This edition of the Bootstrap will take place at the ICTP-SAIFR in São Paulo, Brazil, from May 15 to June 16 of 2017. There will be School and a Workshop.

Quantum field theory (QFT) is a universal language for theoretical physics, describing the Standard Model, gravity, early universe inflation, and condensed matter phenomena such as phase transitions, superconductors, and quantum Hall fluids. A triumph of 20th century physics was to understand weakly coupled QFTs: theories whose interactions can be treated as small perturbations of otherwise freely moving particles. However, weakly coupled QFTs represent a tiny island in an ocean of possibilities. They cannot capture many of the most interesting and important physical phenomena, from the strong nuclear force to high temperature superconductivity.

The critical challenge for the 21st century is to understand and solve strongly coupled QFTs. Meeting this challenge will require new physical insight, new mathematics, and new computational tools. Our collaboration combines deep knowledge of novel, non-perturbative techniques with a concrete plan for attacking the problem of strong coupling. The starting point is the astonishing discovery that in numerous physical systems, there is a unique quantum field theory consistent with general principles of symmetry and quantum mechanics. By analyzing the full implications of these general principles, one can make sharp predictions for physical observables without resorting to approximations.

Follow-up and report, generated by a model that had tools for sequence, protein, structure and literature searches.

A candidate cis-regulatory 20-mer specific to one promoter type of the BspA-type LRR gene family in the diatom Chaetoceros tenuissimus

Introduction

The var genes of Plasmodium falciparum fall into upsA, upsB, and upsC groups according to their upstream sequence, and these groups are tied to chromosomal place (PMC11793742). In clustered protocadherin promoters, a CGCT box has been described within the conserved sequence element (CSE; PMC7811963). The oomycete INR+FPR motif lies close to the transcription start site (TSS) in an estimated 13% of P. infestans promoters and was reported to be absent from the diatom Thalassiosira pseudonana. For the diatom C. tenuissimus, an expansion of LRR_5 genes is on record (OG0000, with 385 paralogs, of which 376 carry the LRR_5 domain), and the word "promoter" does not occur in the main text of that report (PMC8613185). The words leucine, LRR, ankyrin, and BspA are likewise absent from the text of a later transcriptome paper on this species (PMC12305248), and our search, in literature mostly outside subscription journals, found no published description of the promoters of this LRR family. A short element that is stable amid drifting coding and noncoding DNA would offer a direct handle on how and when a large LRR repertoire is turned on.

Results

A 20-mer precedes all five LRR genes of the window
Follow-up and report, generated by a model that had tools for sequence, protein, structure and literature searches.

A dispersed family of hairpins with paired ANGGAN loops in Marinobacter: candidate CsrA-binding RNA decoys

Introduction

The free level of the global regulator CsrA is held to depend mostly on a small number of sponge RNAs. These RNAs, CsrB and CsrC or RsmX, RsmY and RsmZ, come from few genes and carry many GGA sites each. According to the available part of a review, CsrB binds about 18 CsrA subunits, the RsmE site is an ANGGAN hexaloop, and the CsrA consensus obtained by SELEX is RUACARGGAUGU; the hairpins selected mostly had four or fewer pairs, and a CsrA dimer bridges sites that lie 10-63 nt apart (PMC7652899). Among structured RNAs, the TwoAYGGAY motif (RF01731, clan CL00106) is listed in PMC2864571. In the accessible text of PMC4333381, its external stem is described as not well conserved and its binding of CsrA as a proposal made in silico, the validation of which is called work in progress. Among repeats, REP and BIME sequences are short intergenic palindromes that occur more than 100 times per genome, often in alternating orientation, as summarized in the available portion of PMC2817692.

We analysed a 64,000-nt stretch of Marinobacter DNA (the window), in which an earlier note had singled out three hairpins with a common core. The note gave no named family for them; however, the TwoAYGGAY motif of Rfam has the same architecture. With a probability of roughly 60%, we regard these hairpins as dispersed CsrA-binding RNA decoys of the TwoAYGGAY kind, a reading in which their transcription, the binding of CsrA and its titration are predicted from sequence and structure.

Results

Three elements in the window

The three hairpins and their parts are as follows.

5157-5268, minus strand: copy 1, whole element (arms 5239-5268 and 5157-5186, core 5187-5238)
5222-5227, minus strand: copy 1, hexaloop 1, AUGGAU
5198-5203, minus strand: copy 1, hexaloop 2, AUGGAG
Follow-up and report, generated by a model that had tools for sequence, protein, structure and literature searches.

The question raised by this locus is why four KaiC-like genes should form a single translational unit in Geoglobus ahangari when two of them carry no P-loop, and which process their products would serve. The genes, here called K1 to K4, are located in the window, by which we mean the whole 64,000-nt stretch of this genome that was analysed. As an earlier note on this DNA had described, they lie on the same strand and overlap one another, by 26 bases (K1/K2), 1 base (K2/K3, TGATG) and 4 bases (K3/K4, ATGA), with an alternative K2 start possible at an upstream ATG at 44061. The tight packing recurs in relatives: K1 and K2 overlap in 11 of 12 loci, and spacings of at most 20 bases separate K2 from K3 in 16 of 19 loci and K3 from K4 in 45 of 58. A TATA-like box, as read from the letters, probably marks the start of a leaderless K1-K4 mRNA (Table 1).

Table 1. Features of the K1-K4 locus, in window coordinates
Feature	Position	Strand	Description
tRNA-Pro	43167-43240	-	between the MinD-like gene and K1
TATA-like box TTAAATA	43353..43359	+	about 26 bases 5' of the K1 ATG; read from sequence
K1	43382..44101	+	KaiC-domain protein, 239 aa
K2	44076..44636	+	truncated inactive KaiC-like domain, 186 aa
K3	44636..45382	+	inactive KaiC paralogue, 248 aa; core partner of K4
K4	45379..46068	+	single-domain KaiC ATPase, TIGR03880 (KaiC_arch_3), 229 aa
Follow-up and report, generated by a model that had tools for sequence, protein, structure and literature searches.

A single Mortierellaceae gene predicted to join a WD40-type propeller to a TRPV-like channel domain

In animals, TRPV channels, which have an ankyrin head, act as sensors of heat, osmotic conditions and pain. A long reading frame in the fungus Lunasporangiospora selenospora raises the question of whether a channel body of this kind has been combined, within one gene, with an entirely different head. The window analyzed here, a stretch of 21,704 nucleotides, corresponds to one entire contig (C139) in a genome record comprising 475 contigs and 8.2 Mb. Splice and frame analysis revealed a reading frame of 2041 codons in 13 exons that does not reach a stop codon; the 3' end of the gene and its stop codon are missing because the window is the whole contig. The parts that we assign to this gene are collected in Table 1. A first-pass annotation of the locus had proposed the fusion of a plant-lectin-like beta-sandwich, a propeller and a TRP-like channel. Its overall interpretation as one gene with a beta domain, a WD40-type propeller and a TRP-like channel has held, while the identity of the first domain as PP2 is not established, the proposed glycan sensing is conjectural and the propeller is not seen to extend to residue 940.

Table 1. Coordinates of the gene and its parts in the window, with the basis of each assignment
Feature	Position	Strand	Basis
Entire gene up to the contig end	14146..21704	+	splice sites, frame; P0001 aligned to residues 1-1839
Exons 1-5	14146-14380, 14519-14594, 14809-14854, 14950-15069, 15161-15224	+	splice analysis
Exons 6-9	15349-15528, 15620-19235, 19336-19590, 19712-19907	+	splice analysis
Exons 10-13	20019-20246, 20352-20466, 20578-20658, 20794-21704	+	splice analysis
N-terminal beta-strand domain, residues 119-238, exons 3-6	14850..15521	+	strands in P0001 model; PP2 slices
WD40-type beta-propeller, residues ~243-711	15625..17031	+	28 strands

This strategy is called the Bootstrap, the topic of this five week program.

Local Organizers: Vasco Gonçalves (ICTP-SAIFR, Brazil), Pedro Vieira (IFT-SAIFR-Perimeter, Brazil-Canada)

Organizing Committee: Chris Beem (U. Oxford, UK), Jared Kaplan (Johns Hopkins U., USA), Joao Penedones (EPFL-Lausanne, Switzerland), David Poland (Yale U., USA) and Balt Van Rees (Durham U., UK)

Scientific Advisory Committee: The members of the Simons Non-perturbative Bootstrap Collaboration.

Simons Collaborations, made possible by support from the Simons Foundation, bring together groups of outstanding scientists to address mathematical or theoretical topics of fundamental scientific importance in which a significant new development has created a novel area for exploration or provided a new direction for progress in an established field.


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